Writer: Nev Fountain

Director: John Ainsworth

Behind the Scenes

  • All four stories in Blood on Santa’s Claw and Other Stories were written by Nev Fountain. The pseudonyms were employed to throw people off the scent of an audio anthology.

Best Quote

Doctor, are you okay?

Of course I’m not okay! Arent’ you paying attention? If what they say is true, this is too horrible to contemplate.

It’s not your fault. They manipulated you.

Well, they didn’t need to. They just wound me up like a clockwork solider and marched me into battle!

Peri Brown and the Sixth Doctor

Other Stories in this anthology:

Blood on Santa’s Claw

The Baby Awakes

I Wish It Could Be Christmas Every Day

I Wish It Could Be Christmas Every Day

What would be the point in going to a party on a space station when there’s a whole universe to explore?

The Sixth Doctor

Synopsis

A Christmas party that has been going on for three years. Strange silver robots who guard the Christmas decorations with lethal force. What is the secret behind the festivities on Tate Galactic?

Review

I Wish It Could Be Christmas Every Day has a difficult job in this release, which I guess I can reveal now is an anthology rather than four separate stories. This serves the role of the first part of the two-part finales that we have become familiar with in the course of the new series, and starts to tie together some of the threads we have encountered in the previous two stories here. This story has to toe the line carefully to not reveal too much at once, instead dropping hints and it largely does this well, but it probably helps that the story isn’t trying to handle as weighty issues as the previous two.

Listening to this story in the midst of a global pandemic and various lockdowns, the premise of the story, a Christmas party that seems to have been going on for three years, has some added poignancy. Although I am writing this in December, days like this have felt a lot like Groundhog Day, spent with the same group of people. When you throw Christmas into the mix, it almost feels worse – as someone who loves Christmas, a part of what makes it enjoyable is that it is only a short period of time. To spend every day in the midst of a Christmas party would be pretty horrific, so it is fitting that the concept is ultimately revealed to be a prison for the Were Lords devised by the Earth government. Ultimately, the party was only supposed to be an initial ruse for them, but something has gone wrong with the mainframe.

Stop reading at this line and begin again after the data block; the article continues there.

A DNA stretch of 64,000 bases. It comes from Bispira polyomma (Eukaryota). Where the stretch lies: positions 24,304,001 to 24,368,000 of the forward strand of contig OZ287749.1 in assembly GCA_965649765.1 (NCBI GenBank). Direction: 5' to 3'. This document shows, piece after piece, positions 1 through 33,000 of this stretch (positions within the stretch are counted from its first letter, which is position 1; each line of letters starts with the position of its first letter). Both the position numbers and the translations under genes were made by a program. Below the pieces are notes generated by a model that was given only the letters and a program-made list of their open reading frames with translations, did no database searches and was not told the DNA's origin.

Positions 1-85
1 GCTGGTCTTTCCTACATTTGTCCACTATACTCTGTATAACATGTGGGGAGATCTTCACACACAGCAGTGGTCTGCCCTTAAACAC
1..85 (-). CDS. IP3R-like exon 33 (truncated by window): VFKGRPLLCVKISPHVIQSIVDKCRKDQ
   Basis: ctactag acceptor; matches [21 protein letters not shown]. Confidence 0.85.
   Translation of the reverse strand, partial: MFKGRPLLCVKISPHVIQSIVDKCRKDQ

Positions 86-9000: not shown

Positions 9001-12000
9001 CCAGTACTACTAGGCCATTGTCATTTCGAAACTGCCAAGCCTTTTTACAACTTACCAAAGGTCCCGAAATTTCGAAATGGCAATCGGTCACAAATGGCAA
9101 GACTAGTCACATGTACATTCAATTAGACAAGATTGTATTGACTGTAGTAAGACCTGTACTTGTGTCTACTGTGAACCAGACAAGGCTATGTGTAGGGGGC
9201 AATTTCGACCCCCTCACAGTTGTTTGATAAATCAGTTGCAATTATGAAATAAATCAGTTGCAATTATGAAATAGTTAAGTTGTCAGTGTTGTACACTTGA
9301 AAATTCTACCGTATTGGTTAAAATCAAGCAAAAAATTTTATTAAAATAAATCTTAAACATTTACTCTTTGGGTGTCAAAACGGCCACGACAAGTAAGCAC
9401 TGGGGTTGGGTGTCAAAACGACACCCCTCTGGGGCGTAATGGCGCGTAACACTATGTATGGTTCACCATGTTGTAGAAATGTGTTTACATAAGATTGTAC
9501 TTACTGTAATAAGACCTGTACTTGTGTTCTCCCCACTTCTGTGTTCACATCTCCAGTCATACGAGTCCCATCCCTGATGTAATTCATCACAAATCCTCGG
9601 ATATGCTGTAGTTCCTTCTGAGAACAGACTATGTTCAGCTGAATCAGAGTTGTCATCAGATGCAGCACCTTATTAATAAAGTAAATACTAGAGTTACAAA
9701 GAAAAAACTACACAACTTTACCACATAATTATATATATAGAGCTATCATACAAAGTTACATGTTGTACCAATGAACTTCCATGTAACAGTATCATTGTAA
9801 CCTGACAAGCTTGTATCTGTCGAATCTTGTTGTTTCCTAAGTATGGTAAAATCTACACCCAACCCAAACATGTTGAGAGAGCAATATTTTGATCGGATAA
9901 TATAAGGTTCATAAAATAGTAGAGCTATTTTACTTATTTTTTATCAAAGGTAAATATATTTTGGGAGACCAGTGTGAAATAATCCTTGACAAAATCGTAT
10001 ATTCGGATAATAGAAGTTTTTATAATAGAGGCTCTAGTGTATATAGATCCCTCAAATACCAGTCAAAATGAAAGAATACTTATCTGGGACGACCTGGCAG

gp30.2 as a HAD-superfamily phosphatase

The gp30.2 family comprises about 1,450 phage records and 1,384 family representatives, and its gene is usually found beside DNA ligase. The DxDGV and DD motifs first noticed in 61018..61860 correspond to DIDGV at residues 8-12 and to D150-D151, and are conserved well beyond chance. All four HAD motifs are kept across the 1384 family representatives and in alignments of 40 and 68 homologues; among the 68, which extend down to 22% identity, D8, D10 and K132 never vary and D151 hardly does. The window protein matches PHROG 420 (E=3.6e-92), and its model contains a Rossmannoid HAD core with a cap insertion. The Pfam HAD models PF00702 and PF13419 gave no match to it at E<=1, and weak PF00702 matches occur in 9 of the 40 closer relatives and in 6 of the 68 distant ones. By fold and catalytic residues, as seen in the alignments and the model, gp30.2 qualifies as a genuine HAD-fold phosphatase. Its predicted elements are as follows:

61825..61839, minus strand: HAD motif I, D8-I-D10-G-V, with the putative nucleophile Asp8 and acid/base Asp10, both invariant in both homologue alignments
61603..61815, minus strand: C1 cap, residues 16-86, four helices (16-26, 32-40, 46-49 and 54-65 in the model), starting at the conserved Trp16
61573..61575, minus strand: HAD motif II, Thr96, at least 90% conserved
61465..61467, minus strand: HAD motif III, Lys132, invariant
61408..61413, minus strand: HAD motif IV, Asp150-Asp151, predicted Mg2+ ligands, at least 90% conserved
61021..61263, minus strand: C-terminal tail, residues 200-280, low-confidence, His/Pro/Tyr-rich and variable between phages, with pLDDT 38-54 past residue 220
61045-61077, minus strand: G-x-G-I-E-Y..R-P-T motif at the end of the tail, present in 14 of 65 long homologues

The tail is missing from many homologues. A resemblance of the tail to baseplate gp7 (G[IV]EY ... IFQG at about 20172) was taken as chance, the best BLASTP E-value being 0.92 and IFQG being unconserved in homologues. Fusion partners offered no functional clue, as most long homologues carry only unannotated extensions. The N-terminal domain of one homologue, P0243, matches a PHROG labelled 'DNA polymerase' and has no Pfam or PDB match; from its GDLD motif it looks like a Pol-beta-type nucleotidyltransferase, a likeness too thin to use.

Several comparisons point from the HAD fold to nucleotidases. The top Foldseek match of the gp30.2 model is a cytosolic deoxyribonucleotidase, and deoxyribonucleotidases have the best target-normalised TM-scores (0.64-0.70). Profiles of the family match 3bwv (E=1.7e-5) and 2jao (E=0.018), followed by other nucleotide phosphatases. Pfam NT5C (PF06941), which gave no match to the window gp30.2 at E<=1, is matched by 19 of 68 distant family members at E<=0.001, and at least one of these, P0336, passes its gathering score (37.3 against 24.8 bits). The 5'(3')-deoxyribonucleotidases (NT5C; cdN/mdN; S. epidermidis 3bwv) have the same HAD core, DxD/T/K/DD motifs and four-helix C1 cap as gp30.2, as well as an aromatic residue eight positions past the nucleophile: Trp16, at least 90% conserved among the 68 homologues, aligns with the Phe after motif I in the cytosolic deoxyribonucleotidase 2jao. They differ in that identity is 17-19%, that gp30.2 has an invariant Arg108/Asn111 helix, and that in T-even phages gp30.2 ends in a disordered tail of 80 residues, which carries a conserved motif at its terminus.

This is a story in which the Doctor proves to be his own worst enemy and manipulated by his enemies into doing the wrong thing, despite having the purest of intentions. Especially in the original show’s run, the Doctor doesn’t really ever stick around to see the consequences of his actions and interference, and here he believes that those imprisoned on the Tate Galactic are political prisoners. Nine times out of ten in a Doctor Who story, the Doctor would be doing the right thing in helping Lord Lycaon and the other prisoners out of this psychological prison. Here, it is absolutely the wrong thing to do, and it’s interesting to see the Doctor put into this position. It is only when the Earth President confronts him about his actions that the Doctor even begins to question his actions and how badly he has misread the situation. There are clues as to the villains’ true identities through the deterrents used in the base, including mistletoe and the silver robots, but Lycaon comes across as a genuinely wronged party for a lot of this story’s run time, and Stephen Elder is a worthy adversary to Colin Baker’s Sixth Doctor here.

This is also an important moment for Peri and Joe. The Doctor’s doubts about Joe’s suitability as a companion have been clear from the first story in this release, but here Joe expresses doubts about whether Peri is happy travelling with the Doctor. Joe has discovered that he has followers in the 59th Century, like a lot of pop culture icons do under the new belief system, and believes that he could have a lot of fun exploring the universe on his own terms. The emotional scars have not entirely healed for Peri from The Baby Awakes, and it feels as though this is heading for a collision course in the concluding part. Luke Allen-Gale and Nicola Bryant are good in the scenes that they share together and do come across as a real couple throughout these stories.

Verdict: A story that feels as though it is getting its ducks in a line ready for the concluding part, I Wish It Could Be Christmas Every Day is functional, but probably the weakest of the four stories in this release. 7/10

Cast: Colin Baker (The Doctor), Nicola Bryant (Peri Brown), Luke Allen-Gale (Joe Carnaby), Steven Elder (Lord Lycaon), Louise Kempton (Selene), Cliff Chapman (Robot Attendant) & Heather Bleasdale (President).